Michael Des Barres And The Mistakes With Jack Cash And The Hots At The House Of Machines, Friday September 6th 2019
Despite being mostly known for his acting roles in numerous movies and TV series, from Miami Vice to Seinfeld, Murdoc, MacGyver or Melrose Place, Michael Des Barres has been around rock & roll all his life: in the ‘70s, he formed the band Detective which recorded 2 albums which were released on Led Zeppelin’s Records label, in the ‘80s, he was part of Chequerel Past with Steve Jones, Blondie’s Clem Burke and Nigel Harrison and Tony Sales, and he even replaced Robert Palmer in the band Power Station, a Duran Duran side project, which he fronted at the 1985 Live Aid concert. And this is just a short cut of his career, he also played in Vince Lightning and the Spectaculars which included Stray Cats’ Slim Jim Phantom, in a band called The Usual Suspects with Steve Jones and Mick Rossi, and in a band called Down Boy with Paul McCartney’s guitarist Brian Ray. There were also the Michael Des Barres and Free Love Foundation, The Michael Des Barres Band, and I am not even mentioning his solo stuff and his DJ job on Little Steven’s Underground Garage on SiriusXM Radio. But maybe his most famous job was being the husband of socialite and rock star groupie Pamela Des Barres for 13 years: this definitively gives him a rock star status, I suppose.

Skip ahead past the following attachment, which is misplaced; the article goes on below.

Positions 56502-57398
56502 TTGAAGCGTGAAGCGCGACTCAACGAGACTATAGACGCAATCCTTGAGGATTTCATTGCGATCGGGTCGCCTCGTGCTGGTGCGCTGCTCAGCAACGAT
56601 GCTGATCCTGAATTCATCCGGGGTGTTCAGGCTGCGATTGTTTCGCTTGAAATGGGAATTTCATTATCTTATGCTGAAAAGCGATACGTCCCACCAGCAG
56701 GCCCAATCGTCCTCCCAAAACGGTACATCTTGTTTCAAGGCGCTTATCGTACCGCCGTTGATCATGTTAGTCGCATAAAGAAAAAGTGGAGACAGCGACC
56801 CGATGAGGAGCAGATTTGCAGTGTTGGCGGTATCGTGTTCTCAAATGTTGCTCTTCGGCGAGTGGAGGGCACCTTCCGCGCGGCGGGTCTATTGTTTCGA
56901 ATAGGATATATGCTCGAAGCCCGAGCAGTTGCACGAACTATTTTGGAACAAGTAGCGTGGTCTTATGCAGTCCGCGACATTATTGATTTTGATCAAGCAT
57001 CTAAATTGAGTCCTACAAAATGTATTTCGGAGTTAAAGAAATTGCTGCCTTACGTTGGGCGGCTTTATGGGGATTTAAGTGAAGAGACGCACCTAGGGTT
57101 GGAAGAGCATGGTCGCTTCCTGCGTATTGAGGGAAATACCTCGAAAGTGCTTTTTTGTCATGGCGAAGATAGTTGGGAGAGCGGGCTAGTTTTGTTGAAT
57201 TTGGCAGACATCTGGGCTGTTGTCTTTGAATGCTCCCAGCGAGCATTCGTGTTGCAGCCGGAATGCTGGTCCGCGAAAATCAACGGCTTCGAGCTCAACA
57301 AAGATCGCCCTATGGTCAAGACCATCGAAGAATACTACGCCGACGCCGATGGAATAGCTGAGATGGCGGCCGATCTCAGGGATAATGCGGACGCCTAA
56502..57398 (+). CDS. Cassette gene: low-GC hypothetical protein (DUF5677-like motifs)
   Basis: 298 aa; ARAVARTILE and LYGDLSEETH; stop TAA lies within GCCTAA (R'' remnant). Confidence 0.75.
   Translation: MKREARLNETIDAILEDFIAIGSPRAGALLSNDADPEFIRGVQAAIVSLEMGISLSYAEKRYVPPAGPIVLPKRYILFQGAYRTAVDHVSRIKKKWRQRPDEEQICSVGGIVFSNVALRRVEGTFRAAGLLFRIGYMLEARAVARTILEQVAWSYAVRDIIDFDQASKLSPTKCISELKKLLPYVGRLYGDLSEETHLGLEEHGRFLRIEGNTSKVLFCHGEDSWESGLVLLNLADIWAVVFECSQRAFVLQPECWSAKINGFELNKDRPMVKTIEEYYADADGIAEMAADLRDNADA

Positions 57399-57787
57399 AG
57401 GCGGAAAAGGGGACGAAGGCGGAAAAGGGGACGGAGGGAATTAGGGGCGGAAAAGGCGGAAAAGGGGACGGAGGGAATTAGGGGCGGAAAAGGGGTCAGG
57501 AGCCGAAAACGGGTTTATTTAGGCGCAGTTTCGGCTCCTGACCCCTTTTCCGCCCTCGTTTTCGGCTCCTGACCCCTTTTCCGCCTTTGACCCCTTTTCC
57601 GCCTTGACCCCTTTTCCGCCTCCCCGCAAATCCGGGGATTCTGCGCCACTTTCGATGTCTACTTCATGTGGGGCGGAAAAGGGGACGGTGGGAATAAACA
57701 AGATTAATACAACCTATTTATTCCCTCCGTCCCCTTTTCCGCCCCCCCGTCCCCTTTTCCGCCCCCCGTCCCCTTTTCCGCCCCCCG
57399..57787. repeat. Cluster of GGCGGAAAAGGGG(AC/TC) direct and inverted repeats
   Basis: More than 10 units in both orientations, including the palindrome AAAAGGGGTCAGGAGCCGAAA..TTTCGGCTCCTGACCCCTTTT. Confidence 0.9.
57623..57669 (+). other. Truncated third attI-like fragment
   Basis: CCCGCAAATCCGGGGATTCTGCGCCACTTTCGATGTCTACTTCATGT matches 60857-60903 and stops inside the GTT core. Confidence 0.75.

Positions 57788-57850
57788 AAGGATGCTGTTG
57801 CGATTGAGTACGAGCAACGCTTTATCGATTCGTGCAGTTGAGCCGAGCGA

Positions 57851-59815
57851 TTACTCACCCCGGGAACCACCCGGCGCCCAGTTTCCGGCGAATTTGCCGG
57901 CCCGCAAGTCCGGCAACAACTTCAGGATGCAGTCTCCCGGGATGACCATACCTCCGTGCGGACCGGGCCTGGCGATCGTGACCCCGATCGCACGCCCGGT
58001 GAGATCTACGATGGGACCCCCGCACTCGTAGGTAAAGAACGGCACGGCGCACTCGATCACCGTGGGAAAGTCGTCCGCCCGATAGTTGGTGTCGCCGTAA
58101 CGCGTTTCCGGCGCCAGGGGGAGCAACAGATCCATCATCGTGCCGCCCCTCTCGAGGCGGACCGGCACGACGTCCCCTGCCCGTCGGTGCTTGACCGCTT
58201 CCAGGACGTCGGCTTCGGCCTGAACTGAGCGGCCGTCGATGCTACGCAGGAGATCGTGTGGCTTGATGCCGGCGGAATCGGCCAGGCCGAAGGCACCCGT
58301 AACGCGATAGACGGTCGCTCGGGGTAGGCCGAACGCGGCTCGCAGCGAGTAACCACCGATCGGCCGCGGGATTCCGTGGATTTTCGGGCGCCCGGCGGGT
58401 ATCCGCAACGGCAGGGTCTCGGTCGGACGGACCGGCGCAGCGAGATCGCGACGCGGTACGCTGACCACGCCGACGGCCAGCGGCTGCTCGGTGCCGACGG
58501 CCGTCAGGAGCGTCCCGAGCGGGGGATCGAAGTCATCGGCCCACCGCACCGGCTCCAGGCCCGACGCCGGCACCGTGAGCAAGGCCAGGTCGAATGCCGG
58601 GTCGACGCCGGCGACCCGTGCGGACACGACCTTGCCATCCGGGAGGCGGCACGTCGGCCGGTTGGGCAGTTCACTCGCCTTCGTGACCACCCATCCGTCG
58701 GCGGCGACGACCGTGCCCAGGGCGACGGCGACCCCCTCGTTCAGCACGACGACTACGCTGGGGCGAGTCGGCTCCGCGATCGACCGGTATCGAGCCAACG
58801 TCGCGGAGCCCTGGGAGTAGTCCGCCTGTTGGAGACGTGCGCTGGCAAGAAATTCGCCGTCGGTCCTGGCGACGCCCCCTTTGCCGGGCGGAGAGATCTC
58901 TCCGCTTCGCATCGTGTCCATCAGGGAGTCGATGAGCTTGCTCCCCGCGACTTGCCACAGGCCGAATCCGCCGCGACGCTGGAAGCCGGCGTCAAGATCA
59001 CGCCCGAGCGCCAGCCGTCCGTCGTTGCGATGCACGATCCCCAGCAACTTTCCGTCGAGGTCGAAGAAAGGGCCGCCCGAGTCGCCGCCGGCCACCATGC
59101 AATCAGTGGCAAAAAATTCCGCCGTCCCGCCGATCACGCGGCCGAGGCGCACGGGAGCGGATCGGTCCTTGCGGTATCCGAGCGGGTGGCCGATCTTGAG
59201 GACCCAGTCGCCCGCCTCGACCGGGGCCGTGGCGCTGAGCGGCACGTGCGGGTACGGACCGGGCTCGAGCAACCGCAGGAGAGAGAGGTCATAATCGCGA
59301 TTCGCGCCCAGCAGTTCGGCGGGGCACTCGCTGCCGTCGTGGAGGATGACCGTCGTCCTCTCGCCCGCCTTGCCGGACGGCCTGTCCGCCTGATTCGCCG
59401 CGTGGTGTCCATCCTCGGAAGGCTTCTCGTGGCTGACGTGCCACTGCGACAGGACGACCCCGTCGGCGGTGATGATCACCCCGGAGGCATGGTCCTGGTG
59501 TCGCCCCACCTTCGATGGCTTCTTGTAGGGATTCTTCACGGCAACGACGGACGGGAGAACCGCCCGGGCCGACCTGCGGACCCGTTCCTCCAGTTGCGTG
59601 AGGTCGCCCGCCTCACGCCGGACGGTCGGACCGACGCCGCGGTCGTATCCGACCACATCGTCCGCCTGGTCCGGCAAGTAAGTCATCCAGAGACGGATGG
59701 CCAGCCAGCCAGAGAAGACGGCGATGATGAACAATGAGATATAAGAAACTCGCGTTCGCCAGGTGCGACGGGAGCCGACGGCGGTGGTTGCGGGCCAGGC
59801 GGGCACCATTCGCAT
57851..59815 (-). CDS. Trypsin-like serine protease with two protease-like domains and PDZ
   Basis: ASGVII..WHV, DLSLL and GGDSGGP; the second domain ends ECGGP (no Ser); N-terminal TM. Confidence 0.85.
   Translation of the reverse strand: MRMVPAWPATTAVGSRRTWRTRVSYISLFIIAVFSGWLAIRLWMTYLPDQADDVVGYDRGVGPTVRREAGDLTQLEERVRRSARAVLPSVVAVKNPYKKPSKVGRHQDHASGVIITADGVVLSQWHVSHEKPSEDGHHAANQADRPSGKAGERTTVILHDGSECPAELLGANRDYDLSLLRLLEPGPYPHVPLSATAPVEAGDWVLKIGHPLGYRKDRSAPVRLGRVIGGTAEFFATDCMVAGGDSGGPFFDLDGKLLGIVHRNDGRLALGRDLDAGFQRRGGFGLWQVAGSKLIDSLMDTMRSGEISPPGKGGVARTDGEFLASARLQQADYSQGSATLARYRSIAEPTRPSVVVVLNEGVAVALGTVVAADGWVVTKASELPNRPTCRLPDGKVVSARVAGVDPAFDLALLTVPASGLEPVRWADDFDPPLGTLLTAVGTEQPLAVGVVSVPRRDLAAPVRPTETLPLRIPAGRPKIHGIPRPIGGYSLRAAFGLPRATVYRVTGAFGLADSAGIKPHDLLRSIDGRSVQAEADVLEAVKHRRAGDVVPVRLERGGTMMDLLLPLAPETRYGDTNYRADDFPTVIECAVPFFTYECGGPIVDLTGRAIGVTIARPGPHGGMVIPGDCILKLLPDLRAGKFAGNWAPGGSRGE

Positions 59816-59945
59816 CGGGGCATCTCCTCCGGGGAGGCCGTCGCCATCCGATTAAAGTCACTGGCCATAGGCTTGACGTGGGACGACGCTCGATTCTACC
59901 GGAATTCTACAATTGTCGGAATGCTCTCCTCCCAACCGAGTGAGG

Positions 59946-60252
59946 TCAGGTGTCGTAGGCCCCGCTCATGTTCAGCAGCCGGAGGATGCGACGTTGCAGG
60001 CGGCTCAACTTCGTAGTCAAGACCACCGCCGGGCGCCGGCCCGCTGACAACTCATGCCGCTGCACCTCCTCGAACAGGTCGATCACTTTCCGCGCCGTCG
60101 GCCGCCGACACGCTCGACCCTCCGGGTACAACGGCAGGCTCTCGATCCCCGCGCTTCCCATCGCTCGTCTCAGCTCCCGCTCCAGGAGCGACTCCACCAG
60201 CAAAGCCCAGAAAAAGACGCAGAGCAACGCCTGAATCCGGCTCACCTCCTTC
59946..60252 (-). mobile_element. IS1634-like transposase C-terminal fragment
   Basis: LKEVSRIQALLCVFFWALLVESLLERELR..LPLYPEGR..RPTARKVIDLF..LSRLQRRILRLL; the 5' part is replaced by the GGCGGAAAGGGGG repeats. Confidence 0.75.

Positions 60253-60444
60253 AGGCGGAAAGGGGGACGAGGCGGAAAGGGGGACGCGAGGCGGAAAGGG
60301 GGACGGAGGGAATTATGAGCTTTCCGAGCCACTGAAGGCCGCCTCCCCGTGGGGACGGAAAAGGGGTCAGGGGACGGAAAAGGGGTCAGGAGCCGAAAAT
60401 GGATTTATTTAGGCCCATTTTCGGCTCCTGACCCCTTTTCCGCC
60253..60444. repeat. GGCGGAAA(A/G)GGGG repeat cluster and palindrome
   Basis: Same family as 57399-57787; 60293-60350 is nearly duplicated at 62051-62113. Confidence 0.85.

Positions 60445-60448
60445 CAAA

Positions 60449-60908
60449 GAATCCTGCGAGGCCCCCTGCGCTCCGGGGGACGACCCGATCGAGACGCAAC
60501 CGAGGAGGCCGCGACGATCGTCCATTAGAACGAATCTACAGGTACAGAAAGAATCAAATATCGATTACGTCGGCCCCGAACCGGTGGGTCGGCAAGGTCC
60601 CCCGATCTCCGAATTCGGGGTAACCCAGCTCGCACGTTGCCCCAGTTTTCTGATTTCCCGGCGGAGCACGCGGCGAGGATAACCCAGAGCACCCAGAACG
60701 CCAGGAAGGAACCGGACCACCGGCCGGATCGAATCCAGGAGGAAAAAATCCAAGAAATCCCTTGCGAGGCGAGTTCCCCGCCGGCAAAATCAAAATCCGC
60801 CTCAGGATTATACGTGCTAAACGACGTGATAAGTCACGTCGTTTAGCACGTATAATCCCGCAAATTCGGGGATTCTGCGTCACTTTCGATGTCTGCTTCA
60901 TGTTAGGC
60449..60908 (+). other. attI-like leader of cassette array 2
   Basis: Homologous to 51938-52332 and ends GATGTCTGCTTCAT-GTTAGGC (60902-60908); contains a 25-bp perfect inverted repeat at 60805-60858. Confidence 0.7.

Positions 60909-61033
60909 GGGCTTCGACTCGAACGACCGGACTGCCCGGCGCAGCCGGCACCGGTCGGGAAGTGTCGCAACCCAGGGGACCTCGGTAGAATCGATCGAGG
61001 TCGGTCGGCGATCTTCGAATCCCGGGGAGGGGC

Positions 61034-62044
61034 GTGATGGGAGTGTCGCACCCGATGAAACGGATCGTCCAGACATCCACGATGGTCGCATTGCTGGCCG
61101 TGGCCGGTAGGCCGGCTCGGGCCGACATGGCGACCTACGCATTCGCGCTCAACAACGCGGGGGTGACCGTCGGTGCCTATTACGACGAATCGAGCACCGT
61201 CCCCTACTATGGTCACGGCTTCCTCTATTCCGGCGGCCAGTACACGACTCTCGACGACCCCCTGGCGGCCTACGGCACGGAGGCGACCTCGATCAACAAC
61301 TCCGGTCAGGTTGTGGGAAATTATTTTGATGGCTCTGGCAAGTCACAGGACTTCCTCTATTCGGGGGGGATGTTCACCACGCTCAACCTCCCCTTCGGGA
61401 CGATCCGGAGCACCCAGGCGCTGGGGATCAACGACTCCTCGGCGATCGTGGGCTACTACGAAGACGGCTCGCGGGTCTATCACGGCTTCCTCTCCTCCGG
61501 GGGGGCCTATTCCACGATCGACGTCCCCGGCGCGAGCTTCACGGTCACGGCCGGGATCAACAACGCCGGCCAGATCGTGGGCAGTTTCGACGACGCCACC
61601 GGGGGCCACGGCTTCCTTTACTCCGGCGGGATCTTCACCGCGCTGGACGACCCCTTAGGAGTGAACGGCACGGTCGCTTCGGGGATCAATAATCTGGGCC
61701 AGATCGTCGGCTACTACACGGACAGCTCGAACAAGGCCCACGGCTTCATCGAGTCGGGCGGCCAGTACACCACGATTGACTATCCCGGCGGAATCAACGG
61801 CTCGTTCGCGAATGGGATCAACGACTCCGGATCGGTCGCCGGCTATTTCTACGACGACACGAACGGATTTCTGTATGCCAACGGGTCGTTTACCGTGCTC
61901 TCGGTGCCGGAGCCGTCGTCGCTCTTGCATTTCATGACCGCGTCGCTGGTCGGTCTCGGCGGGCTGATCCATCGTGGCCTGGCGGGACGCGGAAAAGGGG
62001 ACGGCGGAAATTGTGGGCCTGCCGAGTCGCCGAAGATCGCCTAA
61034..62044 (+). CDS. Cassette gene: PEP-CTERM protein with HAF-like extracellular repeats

Michael Des Barres is 71 and still rocking, and why wouldn’t he when Mick Jagger and Paul McCartney are still doing stadium tours at 76? He has a new band, Michael Des Barres and The Mistakes, and, on Friday night, this Euro marquis (yes, he really is one) rocked the House of Machines, sweating his ass off during a set of his own material and a few covers.
Two young rock bands opened the show, Jack Cash and The Long Haul followed by the Hots, two bands which have apparently not given up on good old guitar-driven rock & roll. The House of Machines always finds these young bands which are still living the rocker’s life, while attracting a crowd covered of tattoos below their leather jackets, reading to jump on their motorcycles after the last monster riffs. The old leitmotiv ‘rock & roll is dead’ surely doesn’t ring true the days I visit the venue, watching young bands totally embracing the myth, like these two.